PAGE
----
An Online Exhibition by the Kunsthistorisches Institut in Florenz - Max-Planck-Institut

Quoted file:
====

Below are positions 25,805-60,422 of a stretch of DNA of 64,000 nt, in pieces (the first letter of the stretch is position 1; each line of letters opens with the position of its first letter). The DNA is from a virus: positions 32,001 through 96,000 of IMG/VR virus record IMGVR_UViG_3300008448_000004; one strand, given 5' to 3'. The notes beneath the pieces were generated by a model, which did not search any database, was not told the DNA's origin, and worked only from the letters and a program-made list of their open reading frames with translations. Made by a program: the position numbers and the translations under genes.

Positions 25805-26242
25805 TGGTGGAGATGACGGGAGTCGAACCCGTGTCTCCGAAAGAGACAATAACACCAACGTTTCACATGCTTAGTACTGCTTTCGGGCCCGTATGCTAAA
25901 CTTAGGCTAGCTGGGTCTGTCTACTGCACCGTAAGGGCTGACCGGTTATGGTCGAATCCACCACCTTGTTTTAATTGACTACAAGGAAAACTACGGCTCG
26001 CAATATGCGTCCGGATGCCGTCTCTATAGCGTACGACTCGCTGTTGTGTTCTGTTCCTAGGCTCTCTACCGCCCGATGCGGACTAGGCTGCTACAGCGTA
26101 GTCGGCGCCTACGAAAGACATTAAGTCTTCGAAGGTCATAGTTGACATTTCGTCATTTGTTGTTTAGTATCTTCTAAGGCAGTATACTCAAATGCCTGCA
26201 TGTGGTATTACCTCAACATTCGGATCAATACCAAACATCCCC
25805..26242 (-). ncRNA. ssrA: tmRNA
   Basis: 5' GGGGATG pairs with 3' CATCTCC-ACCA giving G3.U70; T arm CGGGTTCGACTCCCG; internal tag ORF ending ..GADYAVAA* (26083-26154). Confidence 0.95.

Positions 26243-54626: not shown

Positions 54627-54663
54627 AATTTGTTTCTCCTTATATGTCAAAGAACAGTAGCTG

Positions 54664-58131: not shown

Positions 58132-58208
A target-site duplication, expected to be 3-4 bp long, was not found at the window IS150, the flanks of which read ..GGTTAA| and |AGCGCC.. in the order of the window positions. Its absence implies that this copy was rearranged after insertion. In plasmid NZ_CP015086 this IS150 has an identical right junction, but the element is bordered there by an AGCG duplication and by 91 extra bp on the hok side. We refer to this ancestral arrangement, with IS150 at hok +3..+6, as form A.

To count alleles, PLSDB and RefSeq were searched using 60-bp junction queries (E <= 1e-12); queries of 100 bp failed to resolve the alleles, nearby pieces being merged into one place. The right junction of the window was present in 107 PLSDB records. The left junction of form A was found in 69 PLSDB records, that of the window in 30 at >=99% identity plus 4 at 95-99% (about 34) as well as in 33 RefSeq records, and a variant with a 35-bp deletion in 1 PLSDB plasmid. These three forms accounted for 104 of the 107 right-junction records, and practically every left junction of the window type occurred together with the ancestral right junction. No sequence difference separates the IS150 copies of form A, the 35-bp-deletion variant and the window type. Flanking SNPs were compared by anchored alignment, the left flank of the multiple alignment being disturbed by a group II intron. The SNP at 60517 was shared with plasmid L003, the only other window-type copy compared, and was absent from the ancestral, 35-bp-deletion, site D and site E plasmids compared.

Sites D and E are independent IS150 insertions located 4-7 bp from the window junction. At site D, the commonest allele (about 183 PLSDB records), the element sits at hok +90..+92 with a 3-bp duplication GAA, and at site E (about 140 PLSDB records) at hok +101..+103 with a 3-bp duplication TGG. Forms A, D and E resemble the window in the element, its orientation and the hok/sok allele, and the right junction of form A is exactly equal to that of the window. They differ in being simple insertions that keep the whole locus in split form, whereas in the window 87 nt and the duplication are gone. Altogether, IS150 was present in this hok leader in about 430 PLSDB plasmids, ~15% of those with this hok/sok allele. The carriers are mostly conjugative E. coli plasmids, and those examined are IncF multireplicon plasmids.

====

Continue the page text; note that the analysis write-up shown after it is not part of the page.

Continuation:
The seal, with its nine thousand year history, ranks among the oldest forms of graphic reproductive media and represents a highly complex cultural phenomenon from a range of perspectives – social, historical, legal, and visual. The online exhibition concentrates on seals dating from the 12th - 16th centuries, primarily, on seal matrices of bronze and seal impressions in wax. The seal matrix is engraved with distinctive signs of the seal’s owner, which can then be reproduced through the imprint in an initially flexible, then later hardened material, in a potentially endless number of impressions. Seal impressions mark commercial goods and holy relics, and can seal letters or be fastened to documents by a lace. Secular and religious dignitaries, individuals and corporations, all represented themselves across the centuries within a persistent set of images types on seals. Thus developed, the canon of visual motifs and forms is not only marked by important continuities, but also by innovations with important implications for other artistic genres. The exhibition presents both seal matrices and seal impressions preserved in two of the most important Italian collections of seals: the Museo Nazionale del Bargello, whose collection of seal matrices was the subject of a specific photo campaign by the Kunsthistorisches Institut in Florenz, and the Archivio di Stato di Firenze, which has kindly made images of its seal impressions available for online display.